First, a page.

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BusinessGreen Your Life

Chance to Win Eco-Furniture or Year's Supply of Ecover Cleaning Products

Ecover, a leading company selling eco-friendly home cleaning products (and one of my favorites), is now 30 years old. In celebration of its 30th birthday, it is hosting a Thirty Under 30 contest.

If you think you are living a super-environmentally-friendly life (and are between 18 & 29), you can enter the contest by filling out the entry form on the contest webpage or on its Facebook page and have the chance to win a couple of big prizes.

Thirty people under 30 years of age living the green life will be chosen from the judges and will then have a chance to win eco-friendly furniture from Environment, a year’s worth of cleaning products from Ecover, or at least a little recognition at a big event announcing the winners in New York.

The contest opened on September 1st and closes on the 30th. The judges, one of whom is good friend Jeff McIntire-Strasburg of Sustainablog, will be deciding on the top thirty in October. After that, voting on the top two greenies (of those top thirty chosen by the judges) will be opened to the public as well.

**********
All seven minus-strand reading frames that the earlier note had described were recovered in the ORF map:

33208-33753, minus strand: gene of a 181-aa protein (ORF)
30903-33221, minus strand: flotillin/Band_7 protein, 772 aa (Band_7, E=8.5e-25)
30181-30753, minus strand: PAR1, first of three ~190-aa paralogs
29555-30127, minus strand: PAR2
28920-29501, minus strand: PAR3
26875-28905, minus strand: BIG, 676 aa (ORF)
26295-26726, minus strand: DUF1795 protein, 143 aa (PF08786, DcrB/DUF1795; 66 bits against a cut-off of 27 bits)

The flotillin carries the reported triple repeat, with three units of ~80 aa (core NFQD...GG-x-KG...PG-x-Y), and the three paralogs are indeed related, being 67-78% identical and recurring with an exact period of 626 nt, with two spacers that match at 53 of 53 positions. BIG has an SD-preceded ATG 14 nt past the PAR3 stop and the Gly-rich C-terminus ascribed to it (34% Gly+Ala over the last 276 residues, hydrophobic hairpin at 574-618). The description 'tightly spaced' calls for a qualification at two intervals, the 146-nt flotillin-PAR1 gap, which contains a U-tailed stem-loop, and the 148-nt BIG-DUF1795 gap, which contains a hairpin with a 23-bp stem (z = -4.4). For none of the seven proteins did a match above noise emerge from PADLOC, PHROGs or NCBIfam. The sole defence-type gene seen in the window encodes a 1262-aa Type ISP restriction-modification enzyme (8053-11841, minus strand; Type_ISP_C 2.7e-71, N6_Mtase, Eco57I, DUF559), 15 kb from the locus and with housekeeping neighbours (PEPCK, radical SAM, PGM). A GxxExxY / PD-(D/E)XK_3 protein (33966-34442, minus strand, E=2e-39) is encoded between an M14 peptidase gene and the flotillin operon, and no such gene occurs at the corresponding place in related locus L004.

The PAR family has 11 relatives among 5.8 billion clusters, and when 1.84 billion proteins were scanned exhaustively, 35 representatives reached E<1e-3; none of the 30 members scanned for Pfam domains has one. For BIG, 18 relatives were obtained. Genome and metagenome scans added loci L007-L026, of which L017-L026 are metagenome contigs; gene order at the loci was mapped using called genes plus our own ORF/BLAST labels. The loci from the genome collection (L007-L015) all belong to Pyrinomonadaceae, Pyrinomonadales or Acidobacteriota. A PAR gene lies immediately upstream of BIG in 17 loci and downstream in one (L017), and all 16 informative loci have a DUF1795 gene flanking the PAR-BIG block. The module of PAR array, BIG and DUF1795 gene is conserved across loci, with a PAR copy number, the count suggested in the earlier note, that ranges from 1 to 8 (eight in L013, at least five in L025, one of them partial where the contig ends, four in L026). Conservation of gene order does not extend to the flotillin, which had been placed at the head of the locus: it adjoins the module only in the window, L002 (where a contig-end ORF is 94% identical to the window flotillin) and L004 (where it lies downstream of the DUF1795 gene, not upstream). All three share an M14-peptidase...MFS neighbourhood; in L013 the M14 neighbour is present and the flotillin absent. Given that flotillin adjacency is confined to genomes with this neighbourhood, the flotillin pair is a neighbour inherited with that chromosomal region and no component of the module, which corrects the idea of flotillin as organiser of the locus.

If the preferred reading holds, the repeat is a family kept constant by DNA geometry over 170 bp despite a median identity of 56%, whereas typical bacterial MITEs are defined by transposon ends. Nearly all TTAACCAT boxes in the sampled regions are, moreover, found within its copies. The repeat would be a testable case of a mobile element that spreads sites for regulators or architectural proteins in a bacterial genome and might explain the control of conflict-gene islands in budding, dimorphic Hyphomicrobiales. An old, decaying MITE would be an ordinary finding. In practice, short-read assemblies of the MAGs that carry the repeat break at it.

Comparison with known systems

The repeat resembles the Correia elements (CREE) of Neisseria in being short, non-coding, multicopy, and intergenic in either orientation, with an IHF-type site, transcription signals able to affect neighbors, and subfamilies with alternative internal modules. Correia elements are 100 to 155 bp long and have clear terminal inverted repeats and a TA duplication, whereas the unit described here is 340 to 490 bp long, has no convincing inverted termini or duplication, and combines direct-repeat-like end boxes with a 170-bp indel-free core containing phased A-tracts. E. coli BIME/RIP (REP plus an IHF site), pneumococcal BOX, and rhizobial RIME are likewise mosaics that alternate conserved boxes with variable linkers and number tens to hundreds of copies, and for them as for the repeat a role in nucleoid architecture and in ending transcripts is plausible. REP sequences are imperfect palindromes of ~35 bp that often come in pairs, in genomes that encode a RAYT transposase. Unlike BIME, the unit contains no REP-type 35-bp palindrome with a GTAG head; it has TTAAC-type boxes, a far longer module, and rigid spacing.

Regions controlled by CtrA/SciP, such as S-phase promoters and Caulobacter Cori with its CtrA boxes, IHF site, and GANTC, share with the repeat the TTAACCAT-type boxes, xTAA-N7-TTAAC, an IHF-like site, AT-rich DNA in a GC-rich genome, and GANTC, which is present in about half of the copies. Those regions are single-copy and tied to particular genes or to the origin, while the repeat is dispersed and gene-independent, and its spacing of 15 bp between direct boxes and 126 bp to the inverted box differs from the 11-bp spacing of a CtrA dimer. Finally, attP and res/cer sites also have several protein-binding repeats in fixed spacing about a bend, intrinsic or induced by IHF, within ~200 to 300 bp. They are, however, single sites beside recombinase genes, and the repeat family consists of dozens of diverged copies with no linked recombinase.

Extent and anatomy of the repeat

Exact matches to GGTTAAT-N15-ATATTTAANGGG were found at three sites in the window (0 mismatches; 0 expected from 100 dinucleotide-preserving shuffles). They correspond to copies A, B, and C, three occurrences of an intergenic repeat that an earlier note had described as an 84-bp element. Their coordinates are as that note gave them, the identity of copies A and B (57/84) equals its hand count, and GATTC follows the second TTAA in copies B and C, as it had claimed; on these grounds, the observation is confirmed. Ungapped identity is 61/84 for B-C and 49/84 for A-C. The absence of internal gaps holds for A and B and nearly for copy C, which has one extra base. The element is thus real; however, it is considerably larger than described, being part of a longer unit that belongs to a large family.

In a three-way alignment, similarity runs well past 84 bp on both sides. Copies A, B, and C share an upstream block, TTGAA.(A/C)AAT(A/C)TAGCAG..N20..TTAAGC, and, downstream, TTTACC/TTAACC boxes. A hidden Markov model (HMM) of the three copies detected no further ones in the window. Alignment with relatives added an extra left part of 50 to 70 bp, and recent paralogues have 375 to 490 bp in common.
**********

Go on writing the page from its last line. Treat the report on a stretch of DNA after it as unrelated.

Writing about this contest on Sustainablog last week, Jeff gave potential contestants a few tips by mentioning what the judges would be considering:

  • Measurable environmental impact of entrant’s efforts
  • Creativity/innovation in achieving sustainability practices
  • Demonstration of passion and dedication to sustainability
  • Awareness creation or other community involvement in the practice or cause
  • Personal involvement in the activity/cause (looking for someone who is not just a participant, but a demonstrated leader)
  • Long-term vision for sustainability as part of their life (are they dedicated to environmentalism/sustainability long-term or is it just adjunct to something else they’re doing with their lives?)

One more time, if you think you are a true sustainability leader, join the contest!

Image via sustainablog.




One comment
  1. Charles

    Nice idea, not sure if we have something similar in the UK, but I wonder if the under 30 year age group are the hardest age group to persuade to take up sustainability practices.

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